For 4 days and 3 cool nights our friendliest chicken, the petite Rhode Island Red with black tail feathers, was missing. She stopped returning to the coop in the evening. We both leave for work in the dark and come home in the dark, so we looked around the property with a flashlight everywhere we could think that a chicken might fit. No chicken.
Gwen had a hunch that she was on an illicit nest somewhere on the property, but we had looked everywhere. There was nowhere left for that chicken to hide. I figured, “Score one for the coyotes, finally.” We had yet to lose any layers to wild animals, but have lost two to other causes: one to illness, and the other to our own pet dog, Dusky. Dusky, I believe, had the best intentions of returning a wayward chicken to the coop one night, but didn’t quite give it the safest lift in the dank of her jowls. She ended up puncturing and likely breaking the back of one of our cuckoo marans so, we had to transition her to deep-freeze status. The chicken, not the dog.
Even after 6 years of raising chickens, I still take these “failures” pretty personally. So, when Red hen was gone for an unprecedented amount of time this week, I really felt bad. I wondered if it was indeed best to let the gals free range wherever they darn well please.
But, I just can’t do it. I can’t coop them up. I am a firm believer in the benefits of movement. And, man, do these birds move! From dawn to dusk they are scratching, leaping, running, flying, dust bathing, pecking, flapping, tilling, laying.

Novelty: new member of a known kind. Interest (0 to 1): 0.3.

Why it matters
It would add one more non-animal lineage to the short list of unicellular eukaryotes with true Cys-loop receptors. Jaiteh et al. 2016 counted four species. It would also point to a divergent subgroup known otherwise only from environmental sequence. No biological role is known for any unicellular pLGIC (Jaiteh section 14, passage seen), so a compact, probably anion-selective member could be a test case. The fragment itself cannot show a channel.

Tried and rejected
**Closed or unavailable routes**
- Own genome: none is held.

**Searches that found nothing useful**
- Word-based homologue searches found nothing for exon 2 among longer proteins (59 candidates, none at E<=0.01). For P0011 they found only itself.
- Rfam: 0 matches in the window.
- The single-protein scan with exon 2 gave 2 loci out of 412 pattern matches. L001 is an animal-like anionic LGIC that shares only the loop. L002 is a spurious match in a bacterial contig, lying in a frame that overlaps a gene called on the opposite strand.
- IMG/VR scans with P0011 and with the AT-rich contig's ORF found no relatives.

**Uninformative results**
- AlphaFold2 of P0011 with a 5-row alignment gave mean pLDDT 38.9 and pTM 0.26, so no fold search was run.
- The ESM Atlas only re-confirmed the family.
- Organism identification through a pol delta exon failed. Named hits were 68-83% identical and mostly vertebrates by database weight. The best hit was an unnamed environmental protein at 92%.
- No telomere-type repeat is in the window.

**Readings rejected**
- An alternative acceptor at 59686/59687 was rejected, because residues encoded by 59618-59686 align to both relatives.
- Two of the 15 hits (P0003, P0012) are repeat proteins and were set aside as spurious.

We’ve gotten lots of eggs this fall (in the coop, in the chicken tractor, on the hay bales, in the feed trough, behind the fencing, etc), but still we couldn’t shake the feeling that there ought to be more eggs. Surely all the young ones are on a five-a-week schedule…right?
Well, we redoubled our efforts to find Red today (aw crap, now she’s got a name…). Armed with a high-powered flashlight we peered under Barn One to the furthest back dark corner and saw a beady and somewhat guilty looking eye reflect back.
We ran around to the barn side closest to her and saw a few eggs that had rolled out from under the barn. Mystery solved!
Oh, and what a stash it turned out to be! She was trying to sit on 2 dozen eggs. What dedication! I wonder if she ate or drank at all for 4 days?
A chicken who is dedicated to sitting on and hatching a clutch of eggs is called “broody.” Our chickens don’t have a rooster (yet), so those eggs were never going to hatch. Poor Red didn’t know that she was on a failed mission from the get-go. Gwen locked her up in a dog crate inside of the coop with food and water to “break the broody.” Broody chickens get weak because they don’t eat and drink much. We have a cold snap coming up, so that chicken cannot continue to spend the night alone under the barn.
Some of those eggs have been under the barn for almost a month, so we couldn’t eat them. Lucky pigs get hardboiled eggs for dinner!
3 thoughts on “The Dirty (Two) Dozen”
Ah yes! The allusive chicken! So frustrating and worrisome! Glad we aren’t the only ones!
Hahaha…so many years of chicken egg hunting that Easter seems blase by comparison. Did you try floating the eggs to see which ones had to go to the hogs? Often when I found a clutch the size of this one, it had been contributed to by several hens, so the eggs weren’t as old and the number of them would indicate. Also, we are fixated on refrigerating our eggs in this country, but I’ve lived in other places where they never do and the eggs keep fine for a month or so. If they float, they got bloat…If they don’t, you can gloat.
So glad you found her! How worrisome! What an egg hoarder she is!